In a new development concerning the cryptocurrency industry’s long-standing Kleiman v. Wright case, Ira Kleiman’s appeal against self-proclaimed Bitcoin creator Craig Wright was denied earlier this Thursday.
The decision has set the focus back on the ongoing issue of ownership of W&K through Wright’s wives’ court cases.
The rejection’s basis
The U.S. 11th Circuit Court ruled against granting a new trial, stating that the deference to the district court was particularly appropriate when a new trial was denied, and the jury’s verdict remains unchanged. This is especially significant when considering whether remarks or misconduct gravely impacted the jury’s calm and impartial evaluation of the case.
During the trial, the district court granted a motion to limit evidence about Ira Kleiman’s relationship with his brother, David Kleiman.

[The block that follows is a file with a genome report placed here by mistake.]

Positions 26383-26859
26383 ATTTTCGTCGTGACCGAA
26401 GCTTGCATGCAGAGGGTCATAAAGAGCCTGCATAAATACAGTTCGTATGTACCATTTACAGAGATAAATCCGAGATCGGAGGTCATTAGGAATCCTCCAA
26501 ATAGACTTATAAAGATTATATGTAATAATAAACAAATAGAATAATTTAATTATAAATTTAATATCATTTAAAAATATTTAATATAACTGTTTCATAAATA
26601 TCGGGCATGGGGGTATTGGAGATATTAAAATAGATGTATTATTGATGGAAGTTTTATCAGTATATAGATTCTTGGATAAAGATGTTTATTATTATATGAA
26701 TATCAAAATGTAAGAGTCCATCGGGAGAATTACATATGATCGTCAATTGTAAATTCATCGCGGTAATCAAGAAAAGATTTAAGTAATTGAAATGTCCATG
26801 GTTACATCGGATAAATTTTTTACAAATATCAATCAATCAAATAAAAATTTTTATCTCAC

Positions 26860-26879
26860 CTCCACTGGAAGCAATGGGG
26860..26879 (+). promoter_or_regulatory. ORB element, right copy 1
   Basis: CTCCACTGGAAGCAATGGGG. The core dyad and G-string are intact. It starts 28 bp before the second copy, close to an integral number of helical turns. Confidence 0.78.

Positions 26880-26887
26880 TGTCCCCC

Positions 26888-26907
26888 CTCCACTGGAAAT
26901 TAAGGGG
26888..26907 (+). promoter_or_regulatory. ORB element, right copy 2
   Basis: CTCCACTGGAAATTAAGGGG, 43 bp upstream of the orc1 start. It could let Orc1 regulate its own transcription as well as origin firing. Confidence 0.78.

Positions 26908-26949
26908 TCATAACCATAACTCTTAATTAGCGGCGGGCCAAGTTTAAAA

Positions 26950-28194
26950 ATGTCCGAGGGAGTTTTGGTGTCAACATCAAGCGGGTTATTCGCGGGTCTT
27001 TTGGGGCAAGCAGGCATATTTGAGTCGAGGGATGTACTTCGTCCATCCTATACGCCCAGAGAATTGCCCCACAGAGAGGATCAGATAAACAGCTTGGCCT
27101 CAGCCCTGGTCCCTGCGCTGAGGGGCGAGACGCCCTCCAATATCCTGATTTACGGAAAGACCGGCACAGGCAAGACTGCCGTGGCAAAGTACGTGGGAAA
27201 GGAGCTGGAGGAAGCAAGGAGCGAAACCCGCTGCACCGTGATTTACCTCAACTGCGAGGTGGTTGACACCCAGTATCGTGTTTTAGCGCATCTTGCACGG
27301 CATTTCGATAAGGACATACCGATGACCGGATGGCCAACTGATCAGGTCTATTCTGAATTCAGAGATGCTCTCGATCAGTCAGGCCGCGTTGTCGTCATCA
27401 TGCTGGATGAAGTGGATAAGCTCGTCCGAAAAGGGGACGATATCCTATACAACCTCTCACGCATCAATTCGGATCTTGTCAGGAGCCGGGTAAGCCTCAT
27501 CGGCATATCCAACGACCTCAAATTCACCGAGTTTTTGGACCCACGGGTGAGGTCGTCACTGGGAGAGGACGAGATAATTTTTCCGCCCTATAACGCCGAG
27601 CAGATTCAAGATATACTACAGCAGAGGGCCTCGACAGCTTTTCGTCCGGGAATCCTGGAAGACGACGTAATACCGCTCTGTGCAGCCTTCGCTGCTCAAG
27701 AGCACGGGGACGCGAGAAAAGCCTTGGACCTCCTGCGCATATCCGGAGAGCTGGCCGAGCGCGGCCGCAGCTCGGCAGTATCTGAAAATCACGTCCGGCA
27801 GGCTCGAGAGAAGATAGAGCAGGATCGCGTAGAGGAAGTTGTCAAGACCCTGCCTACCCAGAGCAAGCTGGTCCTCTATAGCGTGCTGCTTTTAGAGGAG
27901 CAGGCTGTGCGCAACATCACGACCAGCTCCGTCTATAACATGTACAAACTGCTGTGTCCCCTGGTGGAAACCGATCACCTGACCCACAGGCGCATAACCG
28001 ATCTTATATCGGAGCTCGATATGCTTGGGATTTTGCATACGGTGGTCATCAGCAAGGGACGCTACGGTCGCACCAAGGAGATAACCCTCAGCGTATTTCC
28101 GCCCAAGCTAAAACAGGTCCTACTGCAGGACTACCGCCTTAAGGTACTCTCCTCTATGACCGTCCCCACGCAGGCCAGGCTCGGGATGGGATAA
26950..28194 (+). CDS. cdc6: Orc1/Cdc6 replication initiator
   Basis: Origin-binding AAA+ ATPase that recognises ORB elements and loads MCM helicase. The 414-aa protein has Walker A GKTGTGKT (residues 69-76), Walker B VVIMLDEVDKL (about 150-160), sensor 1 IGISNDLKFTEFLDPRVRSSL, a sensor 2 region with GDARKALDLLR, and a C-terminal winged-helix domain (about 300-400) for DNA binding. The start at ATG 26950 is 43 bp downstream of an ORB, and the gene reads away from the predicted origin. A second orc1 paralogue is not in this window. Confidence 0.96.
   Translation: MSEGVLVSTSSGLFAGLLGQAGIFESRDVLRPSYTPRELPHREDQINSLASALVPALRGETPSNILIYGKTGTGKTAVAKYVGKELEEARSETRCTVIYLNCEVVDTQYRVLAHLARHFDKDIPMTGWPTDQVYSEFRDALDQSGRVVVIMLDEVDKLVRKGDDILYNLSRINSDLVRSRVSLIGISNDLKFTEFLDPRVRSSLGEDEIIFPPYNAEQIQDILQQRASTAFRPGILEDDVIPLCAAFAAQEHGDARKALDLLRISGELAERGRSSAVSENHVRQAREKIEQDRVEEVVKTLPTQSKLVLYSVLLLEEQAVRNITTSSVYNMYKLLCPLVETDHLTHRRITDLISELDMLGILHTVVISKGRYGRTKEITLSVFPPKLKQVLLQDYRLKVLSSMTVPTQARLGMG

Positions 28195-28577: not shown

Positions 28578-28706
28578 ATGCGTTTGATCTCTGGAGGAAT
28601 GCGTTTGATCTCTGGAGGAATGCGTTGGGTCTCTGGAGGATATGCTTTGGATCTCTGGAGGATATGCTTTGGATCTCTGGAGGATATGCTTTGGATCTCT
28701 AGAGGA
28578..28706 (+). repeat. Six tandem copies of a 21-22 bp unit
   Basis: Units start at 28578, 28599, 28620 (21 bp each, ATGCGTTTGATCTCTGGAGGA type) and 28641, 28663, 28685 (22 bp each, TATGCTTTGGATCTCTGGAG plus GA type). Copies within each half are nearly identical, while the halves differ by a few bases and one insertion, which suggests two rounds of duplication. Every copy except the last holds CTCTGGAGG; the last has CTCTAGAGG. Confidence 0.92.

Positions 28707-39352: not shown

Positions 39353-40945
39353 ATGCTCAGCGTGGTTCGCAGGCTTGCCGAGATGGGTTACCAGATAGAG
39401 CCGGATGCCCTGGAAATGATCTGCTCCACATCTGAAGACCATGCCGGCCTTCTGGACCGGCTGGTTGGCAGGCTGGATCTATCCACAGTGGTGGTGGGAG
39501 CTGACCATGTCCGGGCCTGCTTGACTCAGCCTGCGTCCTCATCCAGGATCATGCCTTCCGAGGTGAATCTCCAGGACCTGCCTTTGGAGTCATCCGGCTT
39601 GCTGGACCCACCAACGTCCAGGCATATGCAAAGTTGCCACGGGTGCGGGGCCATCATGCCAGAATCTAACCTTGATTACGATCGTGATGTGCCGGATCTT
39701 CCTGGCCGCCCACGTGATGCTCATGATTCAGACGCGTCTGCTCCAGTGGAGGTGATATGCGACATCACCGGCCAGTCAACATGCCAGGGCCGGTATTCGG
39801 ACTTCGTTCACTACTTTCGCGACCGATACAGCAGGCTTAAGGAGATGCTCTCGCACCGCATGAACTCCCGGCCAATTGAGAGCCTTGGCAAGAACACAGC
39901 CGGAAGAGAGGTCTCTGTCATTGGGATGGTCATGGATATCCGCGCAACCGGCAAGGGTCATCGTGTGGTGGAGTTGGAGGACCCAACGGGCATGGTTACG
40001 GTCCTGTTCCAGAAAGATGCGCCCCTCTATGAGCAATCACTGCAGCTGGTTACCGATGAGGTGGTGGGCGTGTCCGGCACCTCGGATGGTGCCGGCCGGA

The intent was to avoid undue prejudice since there were concerns that the jury would decide based on Ira Kleiman’s relationship with his late brother.
Despite this, there were allegations that Wright’s counsel knowingly breached this order by bringing up details about the sibling relationship.
The Estate pushed for a new trial based on these alleged breaches. The district court, however, felt these purported violations were not so detrimental as to warrant a new trial.
The court’s ruling indicated that the trial’s outcome was unlikely to have been swayed significantly by the alleged infractions.
The initial ruling’s details
Back in April 2022, the estate of the late computer scientist appealed against a Florida court’s decision favoring Craig Wright.
The crux of the case revolves around intellectual property rights related to Bitcoin and a vast sum of the cryptocurrency, now valued in the billions. David Kleiman’s estate was awarded $143 million but was denied the more valuable Bitcoin holdings.
Ira Kleiman initiated this lawsuit in 2018, representing the estate, claiming that the Bitcoin in question was worth over $10 billion.
Fast forward to today, the 1.1 million bitcoins involved are valued at over $47 billion. The heart of the disagreement stems from who mined these Bitcoins. Wright asserts that he is the infamous Satoshi Nakamoto, a claim that remains contested within the industry.